Japanese exports were up a very strong +49% in June on a year-on-year basis, similar to the May gains. Compared to June 2019, these exports are up +9.7% which is also a very strong metric.
SHARP TURN LOWER
In Australia, their retail sales fell by more than expected in June as various states entered lock downs and they will weaken further in July as the delta variant spreads further. They retail sales dropped -1.8% month-on-month in June. A large -3.5% month-on-month plunge in Victoria was a key driver as Melbourne was in lockdown from the beginning of the month until June 10th, but sales also fell -2.0% from May in New South Wales as Greater Sydney entered a lockdown on June 27. And a lockdown that started around the same time resulted in a -1.5% drop in sales from May in Queensland.
NO PRESSURE LET-UP
There were 110 new community cases in NSW today, and another 22 in the community in Victoria where their lockdown has been extended for another 7 days. Queensland and South Australia are now also reporting cases in the community, prompting a new SA lockdown. None of this gives confidence the Trans-Tasman travel bubble will re-open anytime soon. There were new cases in New Zealand, all caught at the border (mostly among ship crews), none in the community.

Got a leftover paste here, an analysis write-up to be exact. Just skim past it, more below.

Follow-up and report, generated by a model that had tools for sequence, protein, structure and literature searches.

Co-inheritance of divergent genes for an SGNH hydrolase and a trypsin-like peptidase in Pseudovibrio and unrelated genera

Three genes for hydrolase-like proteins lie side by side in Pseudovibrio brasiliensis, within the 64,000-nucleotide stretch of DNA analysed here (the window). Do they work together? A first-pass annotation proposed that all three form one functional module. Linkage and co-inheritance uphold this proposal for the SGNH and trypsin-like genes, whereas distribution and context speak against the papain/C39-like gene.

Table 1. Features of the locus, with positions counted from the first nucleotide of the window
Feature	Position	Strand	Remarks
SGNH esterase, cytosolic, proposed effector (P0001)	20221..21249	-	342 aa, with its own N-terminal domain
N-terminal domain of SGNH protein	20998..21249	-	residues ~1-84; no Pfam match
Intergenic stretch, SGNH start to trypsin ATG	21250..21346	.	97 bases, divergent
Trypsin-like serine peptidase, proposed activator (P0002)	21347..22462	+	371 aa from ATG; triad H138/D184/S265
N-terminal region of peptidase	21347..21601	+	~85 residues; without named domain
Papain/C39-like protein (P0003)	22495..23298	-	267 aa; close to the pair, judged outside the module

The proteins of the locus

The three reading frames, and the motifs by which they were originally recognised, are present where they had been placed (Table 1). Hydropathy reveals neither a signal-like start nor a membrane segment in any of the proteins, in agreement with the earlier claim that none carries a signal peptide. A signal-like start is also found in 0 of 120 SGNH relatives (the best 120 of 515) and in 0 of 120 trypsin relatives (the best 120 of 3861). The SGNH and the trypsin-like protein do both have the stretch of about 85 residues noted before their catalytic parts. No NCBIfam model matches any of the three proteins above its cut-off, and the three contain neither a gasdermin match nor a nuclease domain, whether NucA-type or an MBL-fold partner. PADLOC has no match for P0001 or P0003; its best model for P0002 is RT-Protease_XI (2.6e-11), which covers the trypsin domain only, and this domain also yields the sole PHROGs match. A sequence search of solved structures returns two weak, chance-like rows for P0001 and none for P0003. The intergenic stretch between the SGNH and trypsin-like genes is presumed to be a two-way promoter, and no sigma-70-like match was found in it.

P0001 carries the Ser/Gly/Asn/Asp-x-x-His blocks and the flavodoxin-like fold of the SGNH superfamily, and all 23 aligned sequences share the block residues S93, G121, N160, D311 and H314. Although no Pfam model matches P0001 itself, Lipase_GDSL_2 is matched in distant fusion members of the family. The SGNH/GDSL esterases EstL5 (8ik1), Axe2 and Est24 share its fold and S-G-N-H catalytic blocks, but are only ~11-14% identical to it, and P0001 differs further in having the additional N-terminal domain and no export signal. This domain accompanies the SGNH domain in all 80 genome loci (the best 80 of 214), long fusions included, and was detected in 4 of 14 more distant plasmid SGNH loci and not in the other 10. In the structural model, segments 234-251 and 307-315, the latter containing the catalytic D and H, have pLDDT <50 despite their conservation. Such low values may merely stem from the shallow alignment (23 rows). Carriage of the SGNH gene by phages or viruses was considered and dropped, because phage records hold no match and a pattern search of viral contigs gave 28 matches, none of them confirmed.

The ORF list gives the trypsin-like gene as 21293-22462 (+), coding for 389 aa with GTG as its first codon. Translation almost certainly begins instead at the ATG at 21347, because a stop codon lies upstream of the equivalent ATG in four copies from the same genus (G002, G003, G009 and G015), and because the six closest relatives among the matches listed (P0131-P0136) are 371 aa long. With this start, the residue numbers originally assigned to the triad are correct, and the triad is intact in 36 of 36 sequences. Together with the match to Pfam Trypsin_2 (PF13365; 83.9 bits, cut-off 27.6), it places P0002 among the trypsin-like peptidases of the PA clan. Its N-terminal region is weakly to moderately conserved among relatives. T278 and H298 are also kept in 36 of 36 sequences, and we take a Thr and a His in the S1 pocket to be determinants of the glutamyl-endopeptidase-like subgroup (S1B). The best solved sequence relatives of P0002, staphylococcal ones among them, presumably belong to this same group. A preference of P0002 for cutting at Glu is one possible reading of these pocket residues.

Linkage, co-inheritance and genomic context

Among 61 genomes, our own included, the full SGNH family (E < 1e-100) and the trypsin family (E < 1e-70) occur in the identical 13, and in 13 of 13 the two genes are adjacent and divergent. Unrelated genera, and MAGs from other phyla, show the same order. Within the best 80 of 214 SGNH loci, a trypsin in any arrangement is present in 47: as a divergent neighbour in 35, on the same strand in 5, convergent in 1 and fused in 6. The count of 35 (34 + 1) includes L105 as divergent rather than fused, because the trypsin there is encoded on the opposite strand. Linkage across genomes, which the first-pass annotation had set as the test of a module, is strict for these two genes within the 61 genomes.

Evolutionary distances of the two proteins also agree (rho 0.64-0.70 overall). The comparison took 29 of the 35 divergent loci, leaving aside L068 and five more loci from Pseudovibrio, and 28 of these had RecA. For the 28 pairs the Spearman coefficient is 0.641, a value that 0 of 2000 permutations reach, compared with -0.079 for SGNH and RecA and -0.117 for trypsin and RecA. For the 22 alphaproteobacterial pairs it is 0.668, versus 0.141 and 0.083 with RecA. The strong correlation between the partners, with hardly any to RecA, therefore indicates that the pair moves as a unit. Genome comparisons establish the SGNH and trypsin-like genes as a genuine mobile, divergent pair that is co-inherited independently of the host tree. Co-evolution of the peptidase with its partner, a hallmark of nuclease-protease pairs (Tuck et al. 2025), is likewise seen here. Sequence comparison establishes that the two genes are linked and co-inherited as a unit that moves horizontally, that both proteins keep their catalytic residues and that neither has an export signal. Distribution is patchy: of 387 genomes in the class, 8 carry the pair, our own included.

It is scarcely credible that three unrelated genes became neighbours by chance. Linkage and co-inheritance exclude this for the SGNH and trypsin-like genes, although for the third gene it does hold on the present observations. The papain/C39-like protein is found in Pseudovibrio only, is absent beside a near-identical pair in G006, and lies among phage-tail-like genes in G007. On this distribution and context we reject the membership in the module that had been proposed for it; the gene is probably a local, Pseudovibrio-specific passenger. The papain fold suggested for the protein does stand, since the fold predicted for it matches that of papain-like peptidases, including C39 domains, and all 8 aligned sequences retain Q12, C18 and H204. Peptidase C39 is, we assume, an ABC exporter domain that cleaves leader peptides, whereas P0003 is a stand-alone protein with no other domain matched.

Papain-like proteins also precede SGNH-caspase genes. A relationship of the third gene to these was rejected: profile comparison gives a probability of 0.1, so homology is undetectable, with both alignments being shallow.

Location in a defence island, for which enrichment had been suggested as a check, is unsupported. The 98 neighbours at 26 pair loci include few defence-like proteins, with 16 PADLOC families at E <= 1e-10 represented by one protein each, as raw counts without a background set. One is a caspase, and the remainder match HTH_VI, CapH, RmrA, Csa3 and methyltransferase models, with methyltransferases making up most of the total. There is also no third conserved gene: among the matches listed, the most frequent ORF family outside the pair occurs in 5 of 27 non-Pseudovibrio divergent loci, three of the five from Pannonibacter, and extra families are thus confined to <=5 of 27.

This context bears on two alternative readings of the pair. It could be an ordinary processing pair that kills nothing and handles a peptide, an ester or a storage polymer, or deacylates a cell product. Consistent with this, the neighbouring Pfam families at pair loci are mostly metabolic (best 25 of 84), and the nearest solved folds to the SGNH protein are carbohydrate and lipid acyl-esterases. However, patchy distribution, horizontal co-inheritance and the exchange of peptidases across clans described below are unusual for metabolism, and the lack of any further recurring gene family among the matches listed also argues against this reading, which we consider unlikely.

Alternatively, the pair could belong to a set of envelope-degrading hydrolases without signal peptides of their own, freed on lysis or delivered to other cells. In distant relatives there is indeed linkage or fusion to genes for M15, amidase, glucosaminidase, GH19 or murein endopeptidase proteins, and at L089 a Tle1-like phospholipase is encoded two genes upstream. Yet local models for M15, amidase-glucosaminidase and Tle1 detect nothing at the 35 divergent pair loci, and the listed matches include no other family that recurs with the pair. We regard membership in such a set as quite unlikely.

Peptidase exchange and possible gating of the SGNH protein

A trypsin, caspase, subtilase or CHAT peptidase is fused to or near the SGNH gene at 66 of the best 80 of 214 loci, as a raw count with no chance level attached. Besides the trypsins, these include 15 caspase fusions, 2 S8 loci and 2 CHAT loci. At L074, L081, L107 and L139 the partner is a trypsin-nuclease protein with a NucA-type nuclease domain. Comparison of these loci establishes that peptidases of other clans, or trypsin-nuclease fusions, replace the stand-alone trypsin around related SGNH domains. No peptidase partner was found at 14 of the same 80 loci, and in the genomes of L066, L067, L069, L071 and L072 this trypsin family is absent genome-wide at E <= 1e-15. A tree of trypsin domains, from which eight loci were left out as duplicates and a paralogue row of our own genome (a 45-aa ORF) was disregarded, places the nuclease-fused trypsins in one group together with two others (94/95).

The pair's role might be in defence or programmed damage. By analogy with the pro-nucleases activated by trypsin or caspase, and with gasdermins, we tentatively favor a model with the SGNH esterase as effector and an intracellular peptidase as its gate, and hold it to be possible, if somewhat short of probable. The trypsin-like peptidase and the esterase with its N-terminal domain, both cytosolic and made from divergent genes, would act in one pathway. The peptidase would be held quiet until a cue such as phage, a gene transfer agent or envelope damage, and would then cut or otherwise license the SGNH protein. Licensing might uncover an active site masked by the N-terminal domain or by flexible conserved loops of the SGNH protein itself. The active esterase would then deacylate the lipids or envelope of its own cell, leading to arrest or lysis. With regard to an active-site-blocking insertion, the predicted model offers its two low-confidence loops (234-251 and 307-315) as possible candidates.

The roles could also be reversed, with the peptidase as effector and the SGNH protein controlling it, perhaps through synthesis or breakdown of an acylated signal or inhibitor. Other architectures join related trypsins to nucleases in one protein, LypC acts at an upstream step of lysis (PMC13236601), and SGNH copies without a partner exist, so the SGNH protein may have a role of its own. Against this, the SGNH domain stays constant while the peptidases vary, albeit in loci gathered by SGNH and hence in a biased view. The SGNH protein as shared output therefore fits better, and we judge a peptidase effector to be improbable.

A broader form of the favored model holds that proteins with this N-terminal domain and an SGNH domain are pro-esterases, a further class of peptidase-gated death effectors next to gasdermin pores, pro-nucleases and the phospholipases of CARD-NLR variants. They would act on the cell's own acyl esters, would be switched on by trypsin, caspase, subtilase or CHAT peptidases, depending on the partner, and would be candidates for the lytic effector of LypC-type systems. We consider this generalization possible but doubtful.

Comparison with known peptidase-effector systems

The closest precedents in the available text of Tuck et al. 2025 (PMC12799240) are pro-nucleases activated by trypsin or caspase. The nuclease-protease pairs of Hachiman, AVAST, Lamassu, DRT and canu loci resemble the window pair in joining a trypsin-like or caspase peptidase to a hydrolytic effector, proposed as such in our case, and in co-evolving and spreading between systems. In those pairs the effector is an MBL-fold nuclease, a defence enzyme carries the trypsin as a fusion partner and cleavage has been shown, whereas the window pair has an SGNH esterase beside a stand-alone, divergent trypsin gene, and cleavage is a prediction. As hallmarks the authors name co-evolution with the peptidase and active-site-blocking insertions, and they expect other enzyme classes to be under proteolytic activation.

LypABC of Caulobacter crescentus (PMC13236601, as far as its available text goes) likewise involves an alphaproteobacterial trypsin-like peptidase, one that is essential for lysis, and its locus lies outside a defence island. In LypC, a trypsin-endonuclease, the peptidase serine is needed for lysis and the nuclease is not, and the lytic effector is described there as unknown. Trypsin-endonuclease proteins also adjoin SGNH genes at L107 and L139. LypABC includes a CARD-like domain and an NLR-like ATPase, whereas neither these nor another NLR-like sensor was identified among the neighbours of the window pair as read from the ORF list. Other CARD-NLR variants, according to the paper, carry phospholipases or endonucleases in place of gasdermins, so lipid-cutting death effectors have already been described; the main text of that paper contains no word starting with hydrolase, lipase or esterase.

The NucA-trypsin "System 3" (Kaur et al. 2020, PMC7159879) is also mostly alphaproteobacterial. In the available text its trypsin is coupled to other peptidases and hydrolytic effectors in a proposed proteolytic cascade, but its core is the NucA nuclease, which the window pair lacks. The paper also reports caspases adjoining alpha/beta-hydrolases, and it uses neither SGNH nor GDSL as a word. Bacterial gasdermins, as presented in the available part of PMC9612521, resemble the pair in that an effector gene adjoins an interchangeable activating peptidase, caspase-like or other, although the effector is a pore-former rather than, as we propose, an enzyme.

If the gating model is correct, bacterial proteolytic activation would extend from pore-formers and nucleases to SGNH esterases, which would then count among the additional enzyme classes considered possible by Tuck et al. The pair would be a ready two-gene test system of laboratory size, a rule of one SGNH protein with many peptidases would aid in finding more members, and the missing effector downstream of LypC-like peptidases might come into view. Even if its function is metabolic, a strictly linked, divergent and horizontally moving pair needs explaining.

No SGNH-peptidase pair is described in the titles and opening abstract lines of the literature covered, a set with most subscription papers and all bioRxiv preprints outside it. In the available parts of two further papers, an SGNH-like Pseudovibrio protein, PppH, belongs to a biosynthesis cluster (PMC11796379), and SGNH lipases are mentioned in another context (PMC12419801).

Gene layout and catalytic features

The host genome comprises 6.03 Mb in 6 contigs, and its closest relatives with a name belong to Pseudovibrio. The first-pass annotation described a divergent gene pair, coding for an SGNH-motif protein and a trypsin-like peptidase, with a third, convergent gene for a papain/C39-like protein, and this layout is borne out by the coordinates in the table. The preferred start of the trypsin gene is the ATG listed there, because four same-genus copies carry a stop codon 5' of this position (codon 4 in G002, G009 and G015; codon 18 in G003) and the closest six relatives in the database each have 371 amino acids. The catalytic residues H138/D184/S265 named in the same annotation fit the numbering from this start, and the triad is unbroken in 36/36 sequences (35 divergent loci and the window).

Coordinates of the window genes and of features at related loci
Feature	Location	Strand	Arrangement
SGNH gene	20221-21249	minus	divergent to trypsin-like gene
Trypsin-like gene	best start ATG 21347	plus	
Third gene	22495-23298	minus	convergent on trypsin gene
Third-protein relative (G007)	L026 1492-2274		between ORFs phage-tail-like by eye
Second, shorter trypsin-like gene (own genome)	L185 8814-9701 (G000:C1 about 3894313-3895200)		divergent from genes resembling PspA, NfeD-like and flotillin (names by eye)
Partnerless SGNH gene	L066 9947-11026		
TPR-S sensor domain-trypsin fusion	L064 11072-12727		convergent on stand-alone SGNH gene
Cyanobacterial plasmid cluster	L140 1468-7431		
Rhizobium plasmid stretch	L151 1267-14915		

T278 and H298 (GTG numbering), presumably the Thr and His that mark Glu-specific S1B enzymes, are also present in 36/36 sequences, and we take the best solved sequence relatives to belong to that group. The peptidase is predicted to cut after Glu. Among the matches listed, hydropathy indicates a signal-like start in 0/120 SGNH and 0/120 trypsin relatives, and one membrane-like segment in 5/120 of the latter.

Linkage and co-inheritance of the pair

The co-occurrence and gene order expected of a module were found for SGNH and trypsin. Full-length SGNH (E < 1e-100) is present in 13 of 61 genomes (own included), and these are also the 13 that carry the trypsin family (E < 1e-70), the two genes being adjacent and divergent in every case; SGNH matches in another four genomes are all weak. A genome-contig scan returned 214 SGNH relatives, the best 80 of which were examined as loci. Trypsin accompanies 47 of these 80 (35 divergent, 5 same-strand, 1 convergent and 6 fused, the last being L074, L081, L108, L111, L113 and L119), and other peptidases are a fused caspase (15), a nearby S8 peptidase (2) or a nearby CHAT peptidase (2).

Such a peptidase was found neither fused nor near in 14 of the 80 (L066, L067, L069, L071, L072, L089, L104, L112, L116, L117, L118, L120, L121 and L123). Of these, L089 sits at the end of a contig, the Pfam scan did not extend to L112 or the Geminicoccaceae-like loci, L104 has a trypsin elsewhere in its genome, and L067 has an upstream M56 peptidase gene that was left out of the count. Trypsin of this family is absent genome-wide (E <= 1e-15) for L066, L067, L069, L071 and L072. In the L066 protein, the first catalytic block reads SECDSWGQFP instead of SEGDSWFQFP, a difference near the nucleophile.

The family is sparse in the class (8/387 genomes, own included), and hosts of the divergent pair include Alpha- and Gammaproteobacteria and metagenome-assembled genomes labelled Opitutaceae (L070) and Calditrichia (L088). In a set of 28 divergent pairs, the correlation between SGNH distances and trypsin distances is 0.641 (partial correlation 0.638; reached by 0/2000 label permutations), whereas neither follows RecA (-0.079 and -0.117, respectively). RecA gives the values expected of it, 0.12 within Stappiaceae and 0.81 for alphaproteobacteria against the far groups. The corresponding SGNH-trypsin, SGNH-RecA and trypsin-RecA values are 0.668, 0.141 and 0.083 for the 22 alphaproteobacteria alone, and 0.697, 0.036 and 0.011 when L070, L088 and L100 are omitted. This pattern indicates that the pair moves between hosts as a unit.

GOLD'S DROP STABILISES
Compared to where we were this time on yesterday, the gold price is down -US$10/oz to US$1807/oz in early Asian trading.
The NZX50 Capital Index is trading up +0.6% near the end of its session. The ASX200 is up a much stronger +1.2%. Tokyo has opened up +0.7% in morning trade, and Hong King is down another -0.4% in their opening trade. Shanghai is up +0.5% in early trade. Earlier, the S&P500 ended its session up +1.5% and making back almost all the Monday decline.
SWAP & BONDS RATES FLATTEN AGAIN
We don't have today's closing swap rates yet and if there are significant ongoing changes we will note them here. They probably fell and flattened again. The 90 day bank bill rate down -1 bp at 0.45%. The Australian Govt ten year benchmark rate is down another chunky -5 bps at just on 1.18%. The China Govt ten year bond is little-changed at 2.96%. The New Zealand Govt ten year is actually up +2 bps so far at 1.56% and well above the earlier RBNZ fix of 1.53% (-1 bp). The US Govt ten year is unchanged at 1.21%.
NZ DOLLAR MARGINALLY SOFTER
The Kiwi dollar has fallen further today to just on 69.1 USc and the last time it was this low was November 2020, eight months ago. Against the Aussie we are firmer at 94.6 AUc. Against the euro we are unchanged at 58.7 euro cents. So the TWI-5 has slipped to just under 72.3.
BITCOIN STAYS BELOW US$30K
The bitcoin price is now at US$29,785 and up a minor +0.8% from this time yesterday. It was last below US$30,000 in mid June after the Chinese central bank moved against it. Volatility in the past 24 hours has been low at +/- 1.8%.